U.S. births fell in 2008, probably because of the recession, updated government figures confirm. The one exception to the trend was the birth rate among women in their 40s, who perhaps felt they didn't have the luxury of waiting for better economic times.
The birth rate for women in their early 40s rose a surprising 4 percent over the previous year, reaching its highest mark since 1967. The rate for women in their late 40s also rose, slightly.
But birth rates fell for teen mothers, as well as women in their 20s and 30s.
"Women are postponing births to those later ages, above 40," said James Trussell, director of Princeton University's Office of Population Research.
Experts don't know for certain why so many are delaying having babies, though some suspect the economy is a big factor. However, "you get to the point where the biological clock starts ticking and people realize they have to do it," said Trussell, who was not involved in the research.
The new report on births was issued Tuesday by the Centers for Disease Control and Prevention. It's based on a review of more than 99 percent of birth certificates for the year 2008 — the first full year of the recession. Overall, the number of births declined 2 percent from 2007. It's the first annual decline in births since the start of the decade.
Experts say the most likely explanations are the recession and a decline in immigration to the United States, which has been blamed on the weak job market.
Some early birth information for the first six months of 2009 indicates a continuing decline of about 3 percent in total births, CDC officials said.
Last summer, the agency gave a first glimpse of the 2008 numbers. The new report confirms the birth rate decline, and also gives a breakdown of births by age group.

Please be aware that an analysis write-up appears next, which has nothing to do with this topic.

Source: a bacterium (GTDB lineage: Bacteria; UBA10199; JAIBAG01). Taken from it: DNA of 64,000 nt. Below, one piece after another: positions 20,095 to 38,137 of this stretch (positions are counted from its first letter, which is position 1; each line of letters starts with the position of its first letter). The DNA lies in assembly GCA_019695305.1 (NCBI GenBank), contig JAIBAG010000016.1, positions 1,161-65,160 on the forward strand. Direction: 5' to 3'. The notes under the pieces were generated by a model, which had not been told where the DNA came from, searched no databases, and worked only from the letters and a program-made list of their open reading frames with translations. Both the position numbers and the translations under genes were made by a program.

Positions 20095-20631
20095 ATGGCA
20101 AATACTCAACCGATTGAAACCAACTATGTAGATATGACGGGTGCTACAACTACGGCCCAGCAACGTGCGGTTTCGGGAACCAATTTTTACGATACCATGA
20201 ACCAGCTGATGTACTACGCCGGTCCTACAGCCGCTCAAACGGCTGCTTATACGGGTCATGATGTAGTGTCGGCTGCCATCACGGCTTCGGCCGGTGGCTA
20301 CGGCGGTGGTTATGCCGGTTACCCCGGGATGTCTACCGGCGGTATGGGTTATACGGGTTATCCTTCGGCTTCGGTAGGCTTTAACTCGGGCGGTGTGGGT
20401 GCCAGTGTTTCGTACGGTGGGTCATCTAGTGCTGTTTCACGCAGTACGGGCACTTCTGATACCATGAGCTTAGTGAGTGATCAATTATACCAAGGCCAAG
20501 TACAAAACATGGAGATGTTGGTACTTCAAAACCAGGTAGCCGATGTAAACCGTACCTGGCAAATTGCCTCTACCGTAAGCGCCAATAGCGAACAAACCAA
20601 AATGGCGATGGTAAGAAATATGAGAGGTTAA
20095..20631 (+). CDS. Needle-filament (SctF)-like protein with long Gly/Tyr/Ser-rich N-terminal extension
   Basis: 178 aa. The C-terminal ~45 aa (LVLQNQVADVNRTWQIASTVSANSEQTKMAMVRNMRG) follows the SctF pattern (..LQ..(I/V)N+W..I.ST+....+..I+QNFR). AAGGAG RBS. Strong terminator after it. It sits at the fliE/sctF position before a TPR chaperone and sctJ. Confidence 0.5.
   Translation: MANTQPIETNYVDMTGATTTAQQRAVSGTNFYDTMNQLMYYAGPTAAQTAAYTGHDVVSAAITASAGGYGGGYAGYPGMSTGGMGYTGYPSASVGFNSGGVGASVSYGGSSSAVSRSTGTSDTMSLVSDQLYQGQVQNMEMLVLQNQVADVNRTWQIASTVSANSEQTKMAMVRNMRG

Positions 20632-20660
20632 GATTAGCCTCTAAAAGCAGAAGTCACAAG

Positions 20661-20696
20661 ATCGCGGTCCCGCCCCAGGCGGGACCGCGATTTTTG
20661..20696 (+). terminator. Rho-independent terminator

The new report found that birth rates fell by 3 percent for women in their early 20s, 2 percent for women in their late 20s, and 1 percent for women in their 30s.
The trend in those numbers indicates that the older women got, the less willing they were to postpone a birth, said the new report's lead author, Brady Hamilton of the CDC's National Center for Health Statistics.
The teen birth rate dropped 2 percent — and the rate for Hispanic teenagers was the lowest reported in two decades. The teen birth rate had been declining from 1991 through 2005, but rose from 2005 to 2007. The new data indicate the spike has ended.
Even so, women in their 40s still have babies far less often than younger women. The rate was about 10 births per 1,000 women in their early 40s, and less then 1 per 1,000 for women in their late 40s.
The rate for women in their late 20s was 115 per 1,000.
Experts note that the postponement theory may explain why younger women had lower birth rates, but doesn't fully get at why the rate for women in their early 40s rose so sharply.
Some speculated that more sophisticated assisted reproduction services may be paying off for older couples, or perhaps some divorced women are choosing to have additional children with a new partner later in life.
The new CDC report also showed that the percentage of babies born prematurely fell a bit, from 12.7 percent to 12.3 percent, an improvement celebrated by some health advocates.
From 1990 to 2006, the nation saw a 20 percent rise in the rate of premature births — a worrisome trend because preemies are more fragile. Experts believe premature births are the main reason the U.S. infant mortality rate is higher than in most European countries.
The 2008 decline may be a sign of new efforts by doctors and mothers to bring births to full term and, when possible, to have one baby at a time rather than twins, triplets or other multiples. Multiple births generally have to be delivered preterm.
"Things are starting to move in the right direction," said Jennifer Howse, president of the March of Dimes.